Date of Award
Doctor of Philosophy
Childhood obesity is a prevalent subject of research currently, and many researchers have studied the effectiveness of school programs in battling obesity among students. This case study, utilizing ethnographic tools of observation, interviews, and investigation of artifacts, examines educators' perceptions of the role of the school in the prevention of this epidemic, how perceptions affect practices, and the barriers to prevention efforts. The lens of caring theory, social justice, and critical theory frame the analysis of how educators in a medium-sized elementary school contend with the problem of childhood obesity. Educators in this setting perceived their role in the prevention of childhood obesity as limited and tended to blame parents for the condition of obese students. Because of this perception, attempts at prevention were somewhat sporadic and individualistic in nature. Barriers included a lack of training in critical reflection and the stresses of mandated testing and budget cuts. Teachers and staff members cared for their obese students' well-being, but generally lacked the resources to help them. They were often uncomfortable discussing obesity with parents and tended to avoid the subject, and unfortunately, this conversation needs to occur in order to find help for their obese students.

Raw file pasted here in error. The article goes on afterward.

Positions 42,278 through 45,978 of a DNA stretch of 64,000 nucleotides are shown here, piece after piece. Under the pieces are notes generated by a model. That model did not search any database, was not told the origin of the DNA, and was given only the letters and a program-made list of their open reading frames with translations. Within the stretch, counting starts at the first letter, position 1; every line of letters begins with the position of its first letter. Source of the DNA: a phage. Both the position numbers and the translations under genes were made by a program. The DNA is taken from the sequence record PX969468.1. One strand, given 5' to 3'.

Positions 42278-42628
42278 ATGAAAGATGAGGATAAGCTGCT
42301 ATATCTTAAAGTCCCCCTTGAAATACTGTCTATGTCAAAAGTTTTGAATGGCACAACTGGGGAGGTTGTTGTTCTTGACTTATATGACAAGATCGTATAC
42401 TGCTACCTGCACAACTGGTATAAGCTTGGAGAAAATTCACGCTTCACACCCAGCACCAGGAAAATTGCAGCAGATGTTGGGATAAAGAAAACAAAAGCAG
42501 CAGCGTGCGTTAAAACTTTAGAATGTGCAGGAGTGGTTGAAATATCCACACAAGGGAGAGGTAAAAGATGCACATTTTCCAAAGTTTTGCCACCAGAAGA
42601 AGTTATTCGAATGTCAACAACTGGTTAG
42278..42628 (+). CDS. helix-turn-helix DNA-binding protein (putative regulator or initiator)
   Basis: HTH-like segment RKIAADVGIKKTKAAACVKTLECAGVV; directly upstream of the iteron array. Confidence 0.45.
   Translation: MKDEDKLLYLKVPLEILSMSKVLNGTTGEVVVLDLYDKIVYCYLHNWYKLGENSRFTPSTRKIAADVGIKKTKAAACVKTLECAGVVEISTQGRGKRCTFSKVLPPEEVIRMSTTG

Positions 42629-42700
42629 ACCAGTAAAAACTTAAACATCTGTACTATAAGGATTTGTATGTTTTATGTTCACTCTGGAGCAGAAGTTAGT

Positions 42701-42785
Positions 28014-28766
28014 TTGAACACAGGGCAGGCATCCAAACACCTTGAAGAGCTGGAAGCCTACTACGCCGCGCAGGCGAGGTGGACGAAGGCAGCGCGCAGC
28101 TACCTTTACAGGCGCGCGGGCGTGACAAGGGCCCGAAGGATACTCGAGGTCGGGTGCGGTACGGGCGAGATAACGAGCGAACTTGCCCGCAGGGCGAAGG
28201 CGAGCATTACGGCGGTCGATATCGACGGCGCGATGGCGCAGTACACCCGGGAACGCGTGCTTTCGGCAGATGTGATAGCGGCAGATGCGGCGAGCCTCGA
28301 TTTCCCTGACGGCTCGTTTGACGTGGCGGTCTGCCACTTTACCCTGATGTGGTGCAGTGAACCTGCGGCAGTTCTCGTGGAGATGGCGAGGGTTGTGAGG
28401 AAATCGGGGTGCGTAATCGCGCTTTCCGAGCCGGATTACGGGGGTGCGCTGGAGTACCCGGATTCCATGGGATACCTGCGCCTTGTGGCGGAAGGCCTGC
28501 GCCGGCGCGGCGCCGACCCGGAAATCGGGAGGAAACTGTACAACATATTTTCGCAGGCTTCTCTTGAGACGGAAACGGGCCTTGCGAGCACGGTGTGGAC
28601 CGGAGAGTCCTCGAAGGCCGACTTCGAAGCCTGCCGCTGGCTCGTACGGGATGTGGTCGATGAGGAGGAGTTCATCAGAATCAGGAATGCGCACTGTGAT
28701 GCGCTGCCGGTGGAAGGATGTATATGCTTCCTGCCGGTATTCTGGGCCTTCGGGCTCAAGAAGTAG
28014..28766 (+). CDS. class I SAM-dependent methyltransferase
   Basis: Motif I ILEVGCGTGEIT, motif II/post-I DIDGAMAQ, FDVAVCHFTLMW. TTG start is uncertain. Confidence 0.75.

This dissertation is Open Access and may be downloaded by anyone.